• Testing cross-language, including JavaScript, TypeScript, Python, Java, and .NET – choose the environment that suits you while still covering all areas and formats.
  • Auto-wait, smart assertions that retry until an element is found, and test data tracing – keep track of logs and videos easily.
  • Built with modern architecture and no restrictions, the application allows you to interact with multi-page, multi-tab websites like a real user and easily handles frames and browser events.
  • As the Playwright framework is aligned with the modern browser's architecture, it doesn't have the in-process test runner limitations.
  • Playwright delivers full test isolation with no overhead. It creates a browser context for each test which only takes a handful of milliseconds.

Subscribe to the LambdaTest YouTube Channel and stay updated with the latest tutorial around Playwright, Selenium, Appium, and more.

Playwright Architecture

To understand how Playwright's architecture works, we will compare its work with that of Selenium. Selenium sends each command as an independent HTTP request and receives JSON responses. Each interaction, such as opening a browser window, clicking an element, or entering text into an input box, then is sent as a separate HTTP request.

This means we have to wait longer for responses and increases the chances of errors.

Playwright Architecture

Instead of communicating with each driver through a separate WebSocket connection, Playwright relies on a single WebSocket connection to communicate with all drivers, which remains in place until testing is finished. This allows commands to be sent quickly on a single connection, thus reducing the points of failure.

Browsers Supported by Playwright

Playwright is available in a variety of languages, and each version has different dependencies. At package install time, Playwright will either download these dependencies for you or you can use Playwright CLI to install them.

Playwright constantly updates its support of browsers, so that the latest Playwright would support the latest browsers at any time. As a result, you need to run the install command each time you update Playwright.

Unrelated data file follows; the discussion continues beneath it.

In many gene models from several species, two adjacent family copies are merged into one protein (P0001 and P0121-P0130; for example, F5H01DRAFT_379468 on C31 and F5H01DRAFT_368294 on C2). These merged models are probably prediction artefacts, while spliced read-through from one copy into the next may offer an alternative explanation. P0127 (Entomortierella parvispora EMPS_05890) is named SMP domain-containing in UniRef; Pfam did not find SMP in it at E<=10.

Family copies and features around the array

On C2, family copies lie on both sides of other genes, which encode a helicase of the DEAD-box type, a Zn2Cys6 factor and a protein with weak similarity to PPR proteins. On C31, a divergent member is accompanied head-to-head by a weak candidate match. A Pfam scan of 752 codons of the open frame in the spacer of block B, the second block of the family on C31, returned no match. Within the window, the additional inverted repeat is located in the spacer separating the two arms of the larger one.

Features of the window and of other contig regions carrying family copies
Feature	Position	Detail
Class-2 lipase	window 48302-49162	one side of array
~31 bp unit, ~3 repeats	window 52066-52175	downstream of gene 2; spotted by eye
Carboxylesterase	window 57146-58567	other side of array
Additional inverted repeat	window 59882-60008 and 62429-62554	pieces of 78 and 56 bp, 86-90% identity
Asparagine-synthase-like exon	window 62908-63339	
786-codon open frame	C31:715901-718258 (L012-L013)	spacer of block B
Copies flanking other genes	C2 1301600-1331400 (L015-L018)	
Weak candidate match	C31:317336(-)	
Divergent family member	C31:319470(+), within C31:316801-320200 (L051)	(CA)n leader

• Chromium (84 & above)
  • Firefox (76 & above)
  • WebKit (13 & above)
  • Google Chrome (Chrome 66 & above)
  • Microsoft Edge (Edge 80 & above)

Playwright testing Drawbacks

Here are some Playwright testing drawbacks:

  • Playwright does not support legacy Microsoft Edge or IE11.
  • A single test() function captures screenshots, videos, and failure traces. In other words, if you have a few tests inside a test.describe() function, you will get videos and traces for each one but not for the entire root test function.
  • Playwright uses desktop browsers instead of real devices to emulate mobile devices.
  • Even though Playwright supports API testing, its APIRequest method doesn't support disabling follow redirects.
  • It doesn't support TeamCity reporter. You need to write your reporter for CI/CD builds.

Role of Playwright in Test Authoring

When working with web automation, the common challenges one faces are sluggish test execution, unreliable wait scenarios, writing a lot of boilerplate code for setting up the browser, parallel test execution, etc. With Playwright, you can overcome these challenges while making test authoring more reliable, fast, and readable.

In this section of the Playwright tutorial, let’s explore how Playwright makes test authoring fast and readable.

Playwright is simple to set up. If you pass the command npm i playwright, it will download binaries for all three supported browsers. Therefore, by passing the single command, you have the setup ready for browser automation.

Playwright works on three core concepts: browser, context, and page.

  1. Browser: To run the tests, you must initiate the browser. Using Playwright, you can use the object of the Browser class, an instance of Chromium, Firefox, or Webkit.
  2. Context: The Playwright framework achieves parallelization using browser contexts. The browser contexts are like incognito-like profiles isolated within a browser instance.
  3. Page: It is a new tab (or pop window) within a browser context. Every action on the test will be performed on the page.